Aaron H. Swartz, co-founder at the age of 14 of Reddit, hung himself last Friday. While he had a history of depression the fact that the Justice Department was charging him with crimes was likely a factor in his suicide. On his show, “Up with Chris Hayes,” host Chris Hayes had this to say about the man he once knew:
You should also know that at the time of his death Aaron was being prosecuted by the federal government and threatened with up to 35 years in prison and $1 million in fines for the crime of — and I’m not exaggerating here — downloading too many free articles from the online database of scholarly work JSTOR. Aaron had allegedly used a simple computer script to use MIT’s network to massively download academic articles from the database that he himself had legitimate access to, almost 5 million in all, with the intent, prosecutors alleged, of making them freely available. You should know that despite JSTOR declining to press charges or pursue prosecution, federal prosecutors dropped a staggering 13 count felony indictment on Aaron for his alleged actions.
In a post he titled “Sick” Aaron wrote about his depression in an attempt to help others understand what it’s like.
Surely there have been times when you’ve been sad. Perhaps a loved one has abandoned you or a plan has gone horribly awry. Your face falls. Perhaps you cry. You feel worthless. You wonder whether it’s worth going on. Everything you think about seems bleak — the things you’ve done, the things you hope to do, the people around you. You want to lie in bed and keep the lights off. Depressed mood is like that, only it doesn’t come for any reason and it doesn’t go for any either. Go outside and get some fresh air or cuddle with a loved one and you don’t feel any better, only more upset at being unable to feel the joy that everyone else seems to feel. Everything gets colored by the sadness.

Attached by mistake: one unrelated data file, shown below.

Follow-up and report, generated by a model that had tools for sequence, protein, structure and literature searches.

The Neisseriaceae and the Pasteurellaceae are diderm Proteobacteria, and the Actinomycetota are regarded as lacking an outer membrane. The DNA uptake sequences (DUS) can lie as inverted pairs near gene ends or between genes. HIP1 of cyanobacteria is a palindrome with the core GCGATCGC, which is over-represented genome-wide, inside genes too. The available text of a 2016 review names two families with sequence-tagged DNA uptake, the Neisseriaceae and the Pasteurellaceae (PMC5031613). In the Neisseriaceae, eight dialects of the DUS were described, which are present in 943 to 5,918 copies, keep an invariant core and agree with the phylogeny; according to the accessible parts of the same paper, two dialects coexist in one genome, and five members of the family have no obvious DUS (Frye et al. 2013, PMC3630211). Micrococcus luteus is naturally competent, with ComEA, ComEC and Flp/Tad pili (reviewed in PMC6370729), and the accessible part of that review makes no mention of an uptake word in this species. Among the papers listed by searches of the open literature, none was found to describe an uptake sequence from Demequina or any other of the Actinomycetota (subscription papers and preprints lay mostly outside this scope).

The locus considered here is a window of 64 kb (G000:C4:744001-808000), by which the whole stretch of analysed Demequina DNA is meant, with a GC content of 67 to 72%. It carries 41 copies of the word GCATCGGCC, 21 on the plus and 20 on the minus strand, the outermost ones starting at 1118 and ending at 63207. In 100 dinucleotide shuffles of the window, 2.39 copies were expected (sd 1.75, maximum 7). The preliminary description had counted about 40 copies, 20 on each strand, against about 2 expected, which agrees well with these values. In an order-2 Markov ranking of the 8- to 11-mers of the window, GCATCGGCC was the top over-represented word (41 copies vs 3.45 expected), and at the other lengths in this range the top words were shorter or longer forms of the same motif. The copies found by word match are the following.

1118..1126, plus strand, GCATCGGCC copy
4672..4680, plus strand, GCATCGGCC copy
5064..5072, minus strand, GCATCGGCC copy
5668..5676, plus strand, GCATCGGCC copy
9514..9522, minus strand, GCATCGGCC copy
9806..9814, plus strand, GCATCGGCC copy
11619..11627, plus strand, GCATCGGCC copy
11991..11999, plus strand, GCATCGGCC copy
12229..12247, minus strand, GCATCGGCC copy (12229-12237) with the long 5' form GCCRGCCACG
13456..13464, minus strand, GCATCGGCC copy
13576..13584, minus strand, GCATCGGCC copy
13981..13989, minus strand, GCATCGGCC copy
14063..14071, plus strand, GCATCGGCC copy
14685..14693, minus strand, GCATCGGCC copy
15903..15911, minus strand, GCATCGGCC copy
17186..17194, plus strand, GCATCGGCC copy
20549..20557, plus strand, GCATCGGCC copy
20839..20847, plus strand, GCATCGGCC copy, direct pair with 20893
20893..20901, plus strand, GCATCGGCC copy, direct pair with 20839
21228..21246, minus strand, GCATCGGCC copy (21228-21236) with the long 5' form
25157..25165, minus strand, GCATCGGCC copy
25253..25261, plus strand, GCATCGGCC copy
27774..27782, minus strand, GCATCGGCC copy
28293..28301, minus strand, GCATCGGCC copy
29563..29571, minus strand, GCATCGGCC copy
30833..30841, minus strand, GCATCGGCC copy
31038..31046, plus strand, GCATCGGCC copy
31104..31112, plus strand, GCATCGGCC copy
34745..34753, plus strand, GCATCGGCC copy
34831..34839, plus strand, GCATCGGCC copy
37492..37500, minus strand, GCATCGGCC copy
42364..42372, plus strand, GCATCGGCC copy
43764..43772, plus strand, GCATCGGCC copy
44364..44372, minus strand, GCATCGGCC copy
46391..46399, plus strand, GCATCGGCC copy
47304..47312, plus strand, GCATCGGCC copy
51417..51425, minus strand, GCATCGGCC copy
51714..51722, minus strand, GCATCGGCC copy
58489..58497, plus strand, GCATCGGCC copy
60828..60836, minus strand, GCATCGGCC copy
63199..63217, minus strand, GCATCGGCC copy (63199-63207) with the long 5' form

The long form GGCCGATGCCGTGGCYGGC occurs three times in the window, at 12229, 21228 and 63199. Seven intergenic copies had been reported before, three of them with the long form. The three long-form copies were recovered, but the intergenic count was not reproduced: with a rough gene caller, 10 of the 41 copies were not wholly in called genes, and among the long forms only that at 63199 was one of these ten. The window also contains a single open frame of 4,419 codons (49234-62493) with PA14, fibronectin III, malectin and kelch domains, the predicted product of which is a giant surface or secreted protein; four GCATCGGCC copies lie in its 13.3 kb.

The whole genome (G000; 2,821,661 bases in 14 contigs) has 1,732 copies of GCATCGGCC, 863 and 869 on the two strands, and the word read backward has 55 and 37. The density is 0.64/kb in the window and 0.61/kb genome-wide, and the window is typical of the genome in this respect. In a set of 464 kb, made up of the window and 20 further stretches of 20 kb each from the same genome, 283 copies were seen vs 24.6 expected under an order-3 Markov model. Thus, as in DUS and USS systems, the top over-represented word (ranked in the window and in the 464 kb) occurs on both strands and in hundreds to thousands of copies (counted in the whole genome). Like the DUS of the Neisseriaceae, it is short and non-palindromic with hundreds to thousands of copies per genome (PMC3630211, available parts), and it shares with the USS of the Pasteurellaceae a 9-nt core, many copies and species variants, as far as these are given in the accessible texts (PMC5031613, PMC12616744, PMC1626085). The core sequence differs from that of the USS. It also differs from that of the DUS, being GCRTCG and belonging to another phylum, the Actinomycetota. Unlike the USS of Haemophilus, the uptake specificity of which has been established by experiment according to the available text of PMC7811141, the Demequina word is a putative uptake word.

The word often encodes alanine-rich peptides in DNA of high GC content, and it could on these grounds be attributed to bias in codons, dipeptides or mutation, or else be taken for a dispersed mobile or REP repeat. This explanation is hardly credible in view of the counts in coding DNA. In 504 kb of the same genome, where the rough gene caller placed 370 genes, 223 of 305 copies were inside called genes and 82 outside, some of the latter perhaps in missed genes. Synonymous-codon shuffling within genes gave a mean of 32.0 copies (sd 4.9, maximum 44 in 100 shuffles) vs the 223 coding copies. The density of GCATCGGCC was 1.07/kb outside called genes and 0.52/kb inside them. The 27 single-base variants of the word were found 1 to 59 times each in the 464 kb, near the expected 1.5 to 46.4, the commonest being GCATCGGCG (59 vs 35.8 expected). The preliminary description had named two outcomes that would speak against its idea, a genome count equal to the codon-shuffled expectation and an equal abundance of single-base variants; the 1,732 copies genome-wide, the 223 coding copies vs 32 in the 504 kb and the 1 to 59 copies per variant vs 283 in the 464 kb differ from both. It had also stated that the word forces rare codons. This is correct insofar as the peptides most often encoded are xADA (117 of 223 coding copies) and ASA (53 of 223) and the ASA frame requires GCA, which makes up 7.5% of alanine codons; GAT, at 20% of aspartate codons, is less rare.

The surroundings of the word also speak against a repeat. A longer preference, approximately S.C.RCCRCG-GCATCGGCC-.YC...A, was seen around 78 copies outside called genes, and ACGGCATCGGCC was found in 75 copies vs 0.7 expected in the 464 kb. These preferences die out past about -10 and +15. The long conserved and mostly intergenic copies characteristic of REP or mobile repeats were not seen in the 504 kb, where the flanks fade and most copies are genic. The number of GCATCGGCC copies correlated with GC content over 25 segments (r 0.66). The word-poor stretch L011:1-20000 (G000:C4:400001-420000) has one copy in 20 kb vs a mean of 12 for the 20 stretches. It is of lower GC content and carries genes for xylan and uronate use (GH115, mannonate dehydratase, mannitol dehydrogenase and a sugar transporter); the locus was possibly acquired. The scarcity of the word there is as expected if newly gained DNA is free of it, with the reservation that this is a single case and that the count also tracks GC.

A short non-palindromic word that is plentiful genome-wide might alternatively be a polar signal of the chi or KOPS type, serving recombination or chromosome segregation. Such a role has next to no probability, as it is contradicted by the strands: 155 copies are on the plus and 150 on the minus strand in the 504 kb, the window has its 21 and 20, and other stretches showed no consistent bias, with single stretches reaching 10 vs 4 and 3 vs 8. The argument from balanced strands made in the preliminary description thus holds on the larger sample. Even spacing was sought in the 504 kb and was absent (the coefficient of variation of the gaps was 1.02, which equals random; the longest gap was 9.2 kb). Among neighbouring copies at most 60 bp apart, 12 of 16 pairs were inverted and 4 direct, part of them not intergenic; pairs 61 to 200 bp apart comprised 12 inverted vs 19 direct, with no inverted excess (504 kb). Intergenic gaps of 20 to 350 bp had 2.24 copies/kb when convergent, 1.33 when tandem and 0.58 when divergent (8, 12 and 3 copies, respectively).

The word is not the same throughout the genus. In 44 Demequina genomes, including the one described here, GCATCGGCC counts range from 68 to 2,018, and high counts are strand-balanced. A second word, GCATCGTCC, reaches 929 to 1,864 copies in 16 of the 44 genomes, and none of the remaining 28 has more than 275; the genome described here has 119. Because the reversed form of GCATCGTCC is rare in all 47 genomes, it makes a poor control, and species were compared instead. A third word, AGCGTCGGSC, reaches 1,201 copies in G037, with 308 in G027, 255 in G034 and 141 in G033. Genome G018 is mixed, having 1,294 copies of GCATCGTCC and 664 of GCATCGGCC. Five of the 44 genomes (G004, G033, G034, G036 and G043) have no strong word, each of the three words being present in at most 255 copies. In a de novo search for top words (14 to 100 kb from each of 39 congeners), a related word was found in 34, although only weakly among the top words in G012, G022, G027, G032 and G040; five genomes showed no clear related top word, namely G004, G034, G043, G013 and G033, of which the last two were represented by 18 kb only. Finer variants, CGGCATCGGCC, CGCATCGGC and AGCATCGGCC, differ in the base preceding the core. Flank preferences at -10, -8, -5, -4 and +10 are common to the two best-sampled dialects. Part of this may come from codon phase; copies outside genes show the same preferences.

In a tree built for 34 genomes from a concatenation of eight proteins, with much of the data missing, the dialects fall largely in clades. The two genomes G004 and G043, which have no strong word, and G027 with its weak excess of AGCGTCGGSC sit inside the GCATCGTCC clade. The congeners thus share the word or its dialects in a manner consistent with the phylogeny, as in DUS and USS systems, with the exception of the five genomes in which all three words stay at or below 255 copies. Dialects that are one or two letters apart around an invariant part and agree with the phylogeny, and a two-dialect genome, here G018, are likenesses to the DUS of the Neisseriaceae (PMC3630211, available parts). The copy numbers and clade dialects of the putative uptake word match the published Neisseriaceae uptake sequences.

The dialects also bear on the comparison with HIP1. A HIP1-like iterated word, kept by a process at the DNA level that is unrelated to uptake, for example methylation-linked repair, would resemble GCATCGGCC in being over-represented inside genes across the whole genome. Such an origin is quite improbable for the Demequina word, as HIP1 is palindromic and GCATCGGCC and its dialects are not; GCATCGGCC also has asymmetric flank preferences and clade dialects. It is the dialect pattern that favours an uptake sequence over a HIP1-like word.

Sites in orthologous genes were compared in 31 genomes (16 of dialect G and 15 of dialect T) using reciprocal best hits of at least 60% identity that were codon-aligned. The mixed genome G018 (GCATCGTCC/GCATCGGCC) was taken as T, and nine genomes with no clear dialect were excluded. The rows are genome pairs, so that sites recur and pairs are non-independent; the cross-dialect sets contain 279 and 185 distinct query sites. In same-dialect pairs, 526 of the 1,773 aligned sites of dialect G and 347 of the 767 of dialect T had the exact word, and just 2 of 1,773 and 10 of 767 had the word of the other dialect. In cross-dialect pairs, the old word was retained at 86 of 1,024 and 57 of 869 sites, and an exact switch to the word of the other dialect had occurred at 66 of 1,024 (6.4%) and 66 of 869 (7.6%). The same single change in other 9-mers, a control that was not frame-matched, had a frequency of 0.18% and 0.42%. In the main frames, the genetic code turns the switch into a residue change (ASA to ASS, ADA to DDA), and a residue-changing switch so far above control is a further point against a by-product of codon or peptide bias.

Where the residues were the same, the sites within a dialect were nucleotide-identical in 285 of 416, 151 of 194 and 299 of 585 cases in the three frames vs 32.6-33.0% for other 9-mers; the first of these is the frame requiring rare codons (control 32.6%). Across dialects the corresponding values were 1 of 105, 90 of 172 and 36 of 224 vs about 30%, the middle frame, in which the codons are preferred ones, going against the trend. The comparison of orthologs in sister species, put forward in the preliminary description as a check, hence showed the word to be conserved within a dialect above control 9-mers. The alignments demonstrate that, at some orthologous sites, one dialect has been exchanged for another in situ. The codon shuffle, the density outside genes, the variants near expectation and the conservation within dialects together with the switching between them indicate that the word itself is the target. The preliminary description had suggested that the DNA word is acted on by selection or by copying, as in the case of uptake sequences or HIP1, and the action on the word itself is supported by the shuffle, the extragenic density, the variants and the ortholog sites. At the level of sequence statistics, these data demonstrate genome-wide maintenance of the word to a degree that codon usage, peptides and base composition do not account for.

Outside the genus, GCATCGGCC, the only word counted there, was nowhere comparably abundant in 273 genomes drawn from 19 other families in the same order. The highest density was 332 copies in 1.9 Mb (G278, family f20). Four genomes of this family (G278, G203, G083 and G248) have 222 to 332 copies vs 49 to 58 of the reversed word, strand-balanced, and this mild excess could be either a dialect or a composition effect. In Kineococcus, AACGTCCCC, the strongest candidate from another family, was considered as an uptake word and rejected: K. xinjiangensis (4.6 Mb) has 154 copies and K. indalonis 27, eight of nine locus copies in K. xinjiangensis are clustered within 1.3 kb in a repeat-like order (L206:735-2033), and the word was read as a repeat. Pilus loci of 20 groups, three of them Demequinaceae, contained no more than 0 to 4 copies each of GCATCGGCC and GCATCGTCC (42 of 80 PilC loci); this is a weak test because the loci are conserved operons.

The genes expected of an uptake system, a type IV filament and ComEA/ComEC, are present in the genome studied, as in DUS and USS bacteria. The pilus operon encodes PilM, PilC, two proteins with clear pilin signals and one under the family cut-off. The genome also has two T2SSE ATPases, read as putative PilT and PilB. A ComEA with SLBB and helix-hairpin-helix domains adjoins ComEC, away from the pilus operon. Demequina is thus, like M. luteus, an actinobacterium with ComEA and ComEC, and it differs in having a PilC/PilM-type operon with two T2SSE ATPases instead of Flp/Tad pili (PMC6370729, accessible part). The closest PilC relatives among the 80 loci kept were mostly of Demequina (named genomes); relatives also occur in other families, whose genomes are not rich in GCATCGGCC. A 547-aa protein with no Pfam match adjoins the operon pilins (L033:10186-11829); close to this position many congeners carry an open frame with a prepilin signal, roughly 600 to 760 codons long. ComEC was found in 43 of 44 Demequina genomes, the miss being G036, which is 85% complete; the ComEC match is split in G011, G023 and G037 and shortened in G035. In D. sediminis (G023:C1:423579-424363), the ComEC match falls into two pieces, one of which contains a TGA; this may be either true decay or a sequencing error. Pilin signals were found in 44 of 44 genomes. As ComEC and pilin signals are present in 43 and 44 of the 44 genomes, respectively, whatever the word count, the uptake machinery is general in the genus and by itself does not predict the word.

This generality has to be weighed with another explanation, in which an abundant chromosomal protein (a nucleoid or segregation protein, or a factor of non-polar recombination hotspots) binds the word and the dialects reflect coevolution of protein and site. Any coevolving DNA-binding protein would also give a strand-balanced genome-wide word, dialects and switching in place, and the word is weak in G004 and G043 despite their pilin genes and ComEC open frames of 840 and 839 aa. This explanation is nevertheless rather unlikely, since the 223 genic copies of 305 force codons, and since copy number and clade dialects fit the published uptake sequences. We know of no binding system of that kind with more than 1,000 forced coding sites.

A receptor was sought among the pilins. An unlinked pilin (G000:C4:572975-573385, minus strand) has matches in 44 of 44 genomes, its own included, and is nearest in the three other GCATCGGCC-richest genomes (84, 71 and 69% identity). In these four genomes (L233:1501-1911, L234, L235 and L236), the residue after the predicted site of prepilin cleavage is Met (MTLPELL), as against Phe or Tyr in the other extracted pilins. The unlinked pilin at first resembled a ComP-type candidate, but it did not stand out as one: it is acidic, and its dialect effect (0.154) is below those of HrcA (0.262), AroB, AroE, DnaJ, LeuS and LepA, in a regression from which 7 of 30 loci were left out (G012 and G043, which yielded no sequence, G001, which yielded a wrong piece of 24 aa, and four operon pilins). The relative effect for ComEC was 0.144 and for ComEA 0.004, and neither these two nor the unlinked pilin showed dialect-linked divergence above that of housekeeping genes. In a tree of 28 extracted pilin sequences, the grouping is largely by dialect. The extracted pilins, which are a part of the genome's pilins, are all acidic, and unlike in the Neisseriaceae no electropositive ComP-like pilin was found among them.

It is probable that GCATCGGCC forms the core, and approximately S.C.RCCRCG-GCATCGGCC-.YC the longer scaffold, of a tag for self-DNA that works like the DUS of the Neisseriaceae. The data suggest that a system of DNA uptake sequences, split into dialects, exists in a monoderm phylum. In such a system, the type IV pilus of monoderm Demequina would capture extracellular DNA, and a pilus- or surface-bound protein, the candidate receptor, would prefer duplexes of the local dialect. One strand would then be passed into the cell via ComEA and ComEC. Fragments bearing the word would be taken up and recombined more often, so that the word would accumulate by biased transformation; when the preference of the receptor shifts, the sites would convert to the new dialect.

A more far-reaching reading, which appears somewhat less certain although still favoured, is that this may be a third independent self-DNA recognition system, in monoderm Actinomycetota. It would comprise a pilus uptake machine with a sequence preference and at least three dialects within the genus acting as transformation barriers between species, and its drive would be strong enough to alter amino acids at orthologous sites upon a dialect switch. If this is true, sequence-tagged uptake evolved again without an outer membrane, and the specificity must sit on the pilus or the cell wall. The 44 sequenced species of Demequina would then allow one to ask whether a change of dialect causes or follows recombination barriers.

At best, you tell yourself that your thinking is irrational, that it is simply a mood disorder, that you should get on with your life. But sometimes that is worse. You feel as if streaks of pain are running through your head, you thrash your body, you search for some escape but find none. And this is one of the more moderate forms. As George Scialabba put it, “acute depression does not feel like falling ill, it feels like being tortured … the pain is not localized; it runs along every nerve, an unconsuming fire. … Even though one knows better, one cannot believe that it will ever end, or that anyone else has ever felt anything like it.”
According to the Huffington Post, by the Sunday after news of Aaron’s death got out, “hundreds of academics had begun tweeting links to their copyright-protected research as a protest in Swartz’s honor, using the hashtag #pdftribute.” The New York Times wrote of him as “A Data Crusader, a Defendant and Now, a Cause.” The world is not as bright a place as it was before Aaron took his own life. He will be missed by many, even those who never knew him.
If you have depression, Aaron would want you to know that help is available. You don’t have to go through it alone.
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